Editorials

Clinton understands Texan Democrats

THE EDITORIAL BOARD

Democratic presidential candidate Hillary Clinton reacts to supporters as she arrives at her Super Tuesday election night rally in Miami, Tuesday, March 1, 2016.
Democratic presidential candidate Hillary Clinton reacts to supporters as she arrives at her Super Tuesday election night rally in Miami, Tuesday, March 1, 2016. AP

Clinton has most likely put a stop to the Bern.

Hillary Clinton, 68, fueled her way toward the Democratic nomination after sweeping up most of the 11 states on Super Tuesday, including Texas.

In Tarrant County, she picked up about 70 percent of the Democratic votes while Bernie Sanders, 74, only grabbed about 30 percent.

The former secretary of state’s campaign in the South seemed to have better footing with Democrat voters than her Iowa and New Hampshire outings.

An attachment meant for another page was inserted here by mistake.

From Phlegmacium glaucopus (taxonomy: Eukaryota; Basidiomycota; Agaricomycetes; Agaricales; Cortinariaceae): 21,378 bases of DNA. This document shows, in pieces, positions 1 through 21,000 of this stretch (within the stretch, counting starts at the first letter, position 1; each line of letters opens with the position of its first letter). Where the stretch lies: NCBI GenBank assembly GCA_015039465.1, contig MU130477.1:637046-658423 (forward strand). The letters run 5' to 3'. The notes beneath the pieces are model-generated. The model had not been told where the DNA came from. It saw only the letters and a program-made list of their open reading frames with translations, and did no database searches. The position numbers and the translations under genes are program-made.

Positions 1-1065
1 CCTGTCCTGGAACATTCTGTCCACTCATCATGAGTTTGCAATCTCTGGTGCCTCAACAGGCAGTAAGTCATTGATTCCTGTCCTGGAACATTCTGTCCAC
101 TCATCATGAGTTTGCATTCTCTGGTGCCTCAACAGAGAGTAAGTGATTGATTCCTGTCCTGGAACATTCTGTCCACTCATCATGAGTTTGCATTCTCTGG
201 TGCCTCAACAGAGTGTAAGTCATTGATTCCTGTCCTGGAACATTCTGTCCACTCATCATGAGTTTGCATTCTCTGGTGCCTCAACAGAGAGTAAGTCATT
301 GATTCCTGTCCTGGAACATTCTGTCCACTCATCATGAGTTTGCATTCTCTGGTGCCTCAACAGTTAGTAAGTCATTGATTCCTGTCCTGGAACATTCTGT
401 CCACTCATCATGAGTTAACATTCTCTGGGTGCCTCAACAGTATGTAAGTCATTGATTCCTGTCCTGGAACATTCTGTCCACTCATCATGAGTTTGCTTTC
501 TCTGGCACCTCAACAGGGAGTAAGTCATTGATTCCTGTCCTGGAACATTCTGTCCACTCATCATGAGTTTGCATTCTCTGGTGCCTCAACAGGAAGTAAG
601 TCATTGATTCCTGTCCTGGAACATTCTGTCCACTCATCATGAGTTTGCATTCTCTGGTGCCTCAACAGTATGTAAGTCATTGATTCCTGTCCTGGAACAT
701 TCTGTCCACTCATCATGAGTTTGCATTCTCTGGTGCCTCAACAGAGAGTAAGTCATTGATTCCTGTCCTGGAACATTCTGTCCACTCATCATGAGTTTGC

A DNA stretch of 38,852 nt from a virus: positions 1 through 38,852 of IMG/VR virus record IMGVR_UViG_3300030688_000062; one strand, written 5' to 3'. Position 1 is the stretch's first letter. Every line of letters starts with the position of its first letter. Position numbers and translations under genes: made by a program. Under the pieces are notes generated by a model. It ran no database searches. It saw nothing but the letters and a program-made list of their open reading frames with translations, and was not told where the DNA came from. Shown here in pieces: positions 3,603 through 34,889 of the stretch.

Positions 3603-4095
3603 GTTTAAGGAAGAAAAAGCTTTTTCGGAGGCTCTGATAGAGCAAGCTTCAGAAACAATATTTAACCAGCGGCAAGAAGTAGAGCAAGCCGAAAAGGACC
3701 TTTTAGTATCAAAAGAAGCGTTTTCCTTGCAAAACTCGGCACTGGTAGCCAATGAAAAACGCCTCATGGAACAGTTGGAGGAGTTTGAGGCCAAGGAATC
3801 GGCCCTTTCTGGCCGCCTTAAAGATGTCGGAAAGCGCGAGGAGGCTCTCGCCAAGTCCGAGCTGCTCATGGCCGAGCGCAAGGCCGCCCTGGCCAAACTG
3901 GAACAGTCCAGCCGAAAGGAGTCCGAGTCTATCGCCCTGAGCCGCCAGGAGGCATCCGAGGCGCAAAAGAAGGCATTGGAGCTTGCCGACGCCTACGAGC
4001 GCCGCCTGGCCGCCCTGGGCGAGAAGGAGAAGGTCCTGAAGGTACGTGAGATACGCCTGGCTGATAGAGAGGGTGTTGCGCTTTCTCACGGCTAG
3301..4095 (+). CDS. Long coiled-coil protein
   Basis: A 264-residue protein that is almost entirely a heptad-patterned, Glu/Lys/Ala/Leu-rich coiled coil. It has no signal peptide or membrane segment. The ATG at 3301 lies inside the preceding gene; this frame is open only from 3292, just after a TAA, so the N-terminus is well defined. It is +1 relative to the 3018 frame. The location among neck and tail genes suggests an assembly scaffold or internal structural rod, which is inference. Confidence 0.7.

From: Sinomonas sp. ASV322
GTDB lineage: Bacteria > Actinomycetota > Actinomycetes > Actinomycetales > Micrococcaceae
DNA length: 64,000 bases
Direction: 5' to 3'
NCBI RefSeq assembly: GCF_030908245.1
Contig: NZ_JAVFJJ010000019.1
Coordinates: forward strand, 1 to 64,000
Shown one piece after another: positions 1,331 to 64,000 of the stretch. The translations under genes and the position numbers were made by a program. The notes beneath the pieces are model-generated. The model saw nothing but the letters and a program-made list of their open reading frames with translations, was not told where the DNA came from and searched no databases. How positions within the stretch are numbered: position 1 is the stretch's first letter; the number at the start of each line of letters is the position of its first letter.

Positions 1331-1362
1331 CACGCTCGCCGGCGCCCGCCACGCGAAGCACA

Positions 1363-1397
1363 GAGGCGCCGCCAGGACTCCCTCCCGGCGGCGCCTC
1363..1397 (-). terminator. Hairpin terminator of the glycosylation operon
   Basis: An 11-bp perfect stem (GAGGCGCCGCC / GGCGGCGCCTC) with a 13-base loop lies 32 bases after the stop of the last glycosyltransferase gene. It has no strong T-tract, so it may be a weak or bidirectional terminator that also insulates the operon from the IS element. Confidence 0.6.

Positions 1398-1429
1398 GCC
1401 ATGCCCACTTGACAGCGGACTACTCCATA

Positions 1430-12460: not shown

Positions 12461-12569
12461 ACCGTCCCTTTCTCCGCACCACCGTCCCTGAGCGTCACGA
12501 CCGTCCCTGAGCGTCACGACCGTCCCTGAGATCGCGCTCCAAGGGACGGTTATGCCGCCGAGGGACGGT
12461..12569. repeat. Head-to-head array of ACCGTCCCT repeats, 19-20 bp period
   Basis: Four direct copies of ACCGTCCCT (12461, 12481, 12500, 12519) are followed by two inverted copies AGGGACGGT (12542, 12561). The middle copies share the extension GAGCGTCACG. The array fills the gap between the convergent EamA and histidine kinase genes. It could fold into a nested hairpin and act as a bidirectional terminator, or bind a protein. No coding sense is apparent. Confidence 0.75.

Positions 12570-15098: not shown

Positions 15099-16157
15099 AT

She focused on minorities and their issues and built a fortified message dealing with discrimination and education.

Sanders gave a good showing in Texas, especially with millennial voters, but in a state with a heavy minority population, he didn’t really stand a chance.

Though his chances here were slim, his presence and popularity with certain voter groups has made Clinton spend more time addressing issues and less time toting about her resume.

To consider Sanders beaten would be foolhardy, but Clinton can breathe a little easier.

Donald Trump and Hillary Clinton won the most states in Super Tuesday, but the underdog candidates also took home enough smaller prizes to remain in the race and fight another day.

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